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Erin // Natural Hair Style Icon

• Apr 26, 2010

The lightness of my skin doesn’t make me any less black than I feel, and the way I wear my hair doesn’t make me any more. It simply makes me, me!

Where do you live?
E:
I’m a Chicago girl, born and raised, currently calling the Logan Square neighborhood home base. I work as a consultant in the vintage clothing industry, working freelance for three vintage businesses in the city, and additionally I’m a freelance artist and curator of pop-up art exhibitions. I went to the School of the Art Institute for about a year, with emphasis in painting and fiber & material studies, but it wasn’t necessarily the right match for me, so we said our peace in 2005, and I went on to do all sorts of other bigger and better things.

Why did you make the decision to go natural?
E: I was just sooooo over my hair being this ongoing stressful and negative focal point for me.
I always had really rad and ridiculous hair styles when I worked with relaxers and flat irons, and I would always receive compliments and kudos on them because I guess they were what you could perceive as unconventional in terms of African-American women’s hairstyles, but it was so much work, and deep down, I was miserable and never felt like my natural self.

As I started to hang out with more natural women and explore life as an adult, I started to see that I had been blessed and NOT plagued with these awesome super wild and tight curls, and I could see how mentally I had conditioned myself to think that because of the type of music I was into and the lifestyle that I chose to live that I would need to have straight hair, even if it wasn’t on my own aesthetic terms, and that just wasn’t the case anymore.

When and how did you transition into natural hair?
E:
I wanna say it was November of 2008 when I gave myself the big chop. I was super nervous, because even though my mind had been made up to do it since I had come back from a life-altering vacation in Oakland (which played a huge part in my decision), physically I was still attached to my straight locks (even though they had some serious new growth action at that point). I knew if I waited around or contemplated it any longer it wasn’t going to happen, and I certainly knew that I wasn’t going to have a stylist do it for me, because I knew no matter how amazing my friends in the hair industry are and how much I love them, this was going to be my own personal experience, and nobody was going to do it for me. Which is not to say that I recommend this method for any woman, hacking away can lead to ridiculous lop-sided hairdos, of course.

So I grabbed some shears I had around the house and went to town. I also made it a point to throw out every product I had that I knew had started to suck the life out of my scalp, ie. my hair spray. Once I chopped it all off, I still wasn’t quite ready for full fro status, I didn’t have a lot of length to work with at that point, but I did and still do have a full head of thick, thick curls, so while transitioning, I used a soft bristle brush to wrap and set it while wet into little baby waves.

I loved it, but I would still heat set it for a few minutes from time to time, to keep my waves in check, which I gradually eliminated from the regimen. I stuck with certain products I knew worked for my hair regardless of texture, and I stocked up on my fair share of products that I knew would help it come alive again, as well. And once spring rolled around, bam! My little blond afro came to be. I guess the rest is history.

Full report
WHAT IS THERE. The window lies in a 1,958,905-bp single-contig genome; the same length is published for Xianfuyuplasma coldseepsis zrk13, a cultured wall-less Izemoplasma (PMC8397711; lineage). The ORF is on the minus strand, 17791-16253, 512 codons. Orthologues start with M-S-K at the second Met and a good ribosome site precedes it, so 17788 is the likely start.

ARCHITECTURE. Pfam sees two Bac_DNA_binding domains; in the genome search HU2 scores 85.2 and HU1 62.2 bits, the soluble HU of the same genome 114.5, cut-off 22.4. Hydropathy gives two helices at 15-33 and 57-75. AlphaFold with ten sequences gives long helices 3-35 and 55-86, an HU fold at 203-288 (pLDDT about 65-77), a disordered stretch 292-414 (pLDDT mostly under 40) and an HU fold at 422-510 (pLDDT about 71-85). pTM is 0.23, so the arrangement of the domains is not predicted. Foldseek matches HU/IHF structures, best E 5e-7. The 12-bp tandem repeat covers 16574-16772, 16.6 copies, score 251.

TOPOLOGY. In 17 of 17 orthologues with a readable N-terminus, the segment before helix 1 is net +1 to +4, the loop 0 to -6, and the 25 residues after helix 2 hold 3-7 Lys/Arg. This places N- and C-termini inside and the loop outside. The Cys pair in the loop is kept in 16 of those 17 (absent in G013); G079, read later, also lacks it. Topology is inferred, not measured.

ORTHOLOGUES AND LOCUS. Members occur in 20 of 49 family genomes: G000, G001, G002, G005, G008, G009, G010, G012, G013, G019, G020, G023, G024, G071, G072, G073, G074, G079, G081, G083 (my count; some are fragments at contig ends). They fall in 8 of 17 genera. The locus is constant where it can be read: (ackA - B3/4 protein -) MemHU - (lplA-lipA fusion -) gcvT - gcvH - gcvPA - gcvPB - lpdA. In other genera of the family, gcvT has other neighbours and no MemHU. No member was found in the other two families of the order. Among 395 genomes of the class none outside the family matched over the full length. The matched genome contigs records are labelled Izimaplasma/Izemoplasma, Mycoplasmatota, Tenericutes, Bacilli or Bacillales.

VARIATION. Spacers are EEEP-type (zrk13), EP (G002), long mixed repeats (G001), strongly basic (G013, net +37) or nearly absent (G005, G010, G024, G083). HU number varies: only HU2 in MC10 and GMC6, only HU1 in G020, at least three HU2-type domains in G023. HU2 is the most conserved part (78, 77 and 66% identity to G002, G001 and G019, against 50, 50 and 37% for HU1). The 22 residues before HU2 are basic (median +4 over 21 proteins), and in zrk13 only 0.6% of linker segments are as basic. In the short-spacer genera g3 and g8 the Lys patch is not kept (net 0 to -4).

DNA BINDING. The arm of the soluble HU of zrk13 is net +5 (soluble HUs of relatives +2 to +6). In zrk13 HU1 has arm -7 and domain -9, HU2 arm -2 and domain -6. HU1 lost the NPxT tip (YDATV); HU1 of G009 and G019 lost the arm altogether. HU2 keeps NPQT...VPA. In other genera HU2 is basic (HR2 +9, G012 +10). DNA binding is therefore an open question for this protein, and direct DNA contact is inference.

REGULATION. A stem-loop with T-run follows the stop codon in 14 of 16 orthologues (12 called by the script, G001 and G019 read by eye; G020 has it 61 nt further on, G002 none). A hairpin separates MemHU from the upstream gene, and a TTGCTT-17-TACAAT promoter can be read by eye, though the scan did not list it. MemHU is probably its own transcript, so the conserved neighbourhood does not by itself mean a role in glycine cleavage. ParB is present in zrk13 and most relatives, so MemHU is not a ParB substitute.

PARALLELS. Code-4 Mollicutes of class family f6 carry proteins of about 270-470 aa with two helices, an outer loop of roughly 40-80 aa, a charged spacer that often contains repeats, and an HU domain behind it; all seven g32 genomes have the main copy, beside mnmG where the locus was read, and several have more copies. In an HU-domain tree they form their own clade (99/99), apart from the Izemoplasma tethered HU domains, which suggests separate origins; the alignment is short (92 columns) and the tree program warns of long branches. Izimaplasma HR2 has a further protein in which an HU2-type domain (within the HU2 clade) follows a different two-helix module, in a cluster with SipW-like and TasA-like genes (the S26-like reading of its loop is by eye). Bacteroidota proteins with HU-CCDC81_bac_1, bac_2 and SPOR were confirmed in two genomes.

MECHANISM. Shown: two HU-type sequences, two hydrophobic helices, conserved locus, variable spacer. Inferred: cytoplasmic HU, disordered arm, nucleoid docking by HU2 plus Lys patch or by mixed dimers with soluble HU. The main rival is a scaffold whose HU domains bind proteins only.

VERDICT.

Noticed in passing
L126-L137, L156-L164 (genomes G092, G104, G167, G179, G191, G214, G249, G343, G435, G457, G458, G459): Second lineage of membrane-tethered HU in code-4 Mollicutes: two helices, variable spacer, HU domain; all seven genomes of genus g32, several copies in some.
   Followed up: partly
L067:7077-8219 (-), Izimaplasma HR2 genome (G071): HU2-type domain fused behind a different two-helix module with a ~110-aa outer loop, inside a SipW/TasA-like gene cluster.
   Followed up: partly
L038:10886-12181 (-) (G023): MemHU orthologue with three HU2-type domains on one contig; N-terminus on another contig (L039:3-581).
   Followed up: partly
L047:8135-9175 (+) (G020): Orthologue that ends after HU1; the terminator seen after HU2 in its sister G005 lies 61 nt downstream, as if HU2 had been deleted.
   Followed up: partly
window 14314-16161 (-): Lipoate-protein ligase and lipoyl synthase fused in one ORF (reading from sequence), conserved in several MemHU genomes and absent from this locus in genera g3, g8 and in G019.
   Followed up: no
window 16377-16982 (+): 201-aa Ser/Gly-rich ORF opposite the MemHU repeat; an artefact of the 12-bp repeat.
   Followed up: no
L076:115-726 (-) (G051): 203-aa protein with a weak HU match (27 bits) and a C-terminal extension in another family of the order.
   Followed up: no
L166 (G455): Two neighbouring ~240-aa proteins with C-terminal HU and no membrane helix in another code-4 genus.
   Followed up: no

I am extremely happier and about a million times more confident living my life as a natural woman! I understand my self worth in a way I could never fully comprehend when I would douse my head with chemicals. It sounds so cheesy, but the world just seems brighter, ya know?

What’s your basic regimen?
E:
Well, let’s see, my hair regimen changes with length. The thing I keep consistent is WATER. Hydration is key! I wet my hair and co-wash every day, and give it a nice healthy scrub a few times a week. Sometimes I switch up products, but I try to keep it pretty simple, so I tend to stick with the following basics: Queen Helene’s hair cholesterol in the shower, Motion’s or Luster’s Pink Hair Lotion right after I dry it off a bit, but definitely while still pretty wet, followed by a daily dose of olive oil cream (which as far as I’m concerned, everybody should swear by!) massaged in while my hair’s still damp.

I use a metal fan pick to pull out my hair and rock my afro daily, and on the days when I decide to wear it either pinned up on the sides (2nd photo), or up in a huge scarf and bow piled on top of my head (1st photo), I go back (after picking it thoroughly) with my soft bristle brush and a small bit of Murray’s pommade and I brush my curls upward, so as to train it in the direction I want it to go in on that particular day.

What mistakes have you made with your hair that you’ve learnt from?
E:
Flat ironing my relaxed hair AFTER putting oily product in it, and having just bleached the front half of it, I had never heard something sizzle SO intensely. But at the time, I figured it was the normal and only way I was going to be able to have fire engine red, bone straight hair. Oops, I guess.

How does your hair express who you are?
E:
My hair reflects everything about me. It’s my heritage, my narrative. It always has been, and I guess with every changing style, a new part of me has come to life. I mean, realistically, if someone were to come up behind me and shave my head, I wouldn’t lose the essence of who I am, but I feel that my hair strongly represents how I have grown as a woman and career-minded adult. And I believe for that other natural woman, or women inclinig to make the change, it expresses that I’ve gone through the same battle, figuratively speaking. And I’m as happy as can be.

I was really moved by the last interview you did with Cherekana, where at the end she discussed how she dislikes how people view her wearing her hair the way she does as a political statement and that not being the case… I deal with that frequently, generally sporting what some would consider a classic afro, from the days of the Panther party, and it becomes trying at times when people make assumptions about you based on your hair, your looks, etc, without even knowing you as a human being.

I think a majority of us may have been on that angry militant tip at some point, however long or short-lived it might have been, but for me, sporting my hair the way it’s MEANT to be is completely different.

The lightness of my skin doesn’t make me any less black than I feel, and the way I wear my hair doesn’t make me any more. It simply makes me, me!

Is there a blog/webpage where we can find you?
E:
Certainly! I have a blog about my art, vintage goodies, adventures and all that jazz. Check it out at http://mahaloclub.blogspot.com/.
You can also find me on Facebook, or on etsy at http://www.etsy.com/shop/psychosurplus

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BRITT
Guest

I AM IN LOOOOOOVE WITH HER LOOK! Her hair, her piercings, just…her! Shes just beautiful all around. Btw, could you ask her if her lobes are stretched and what size?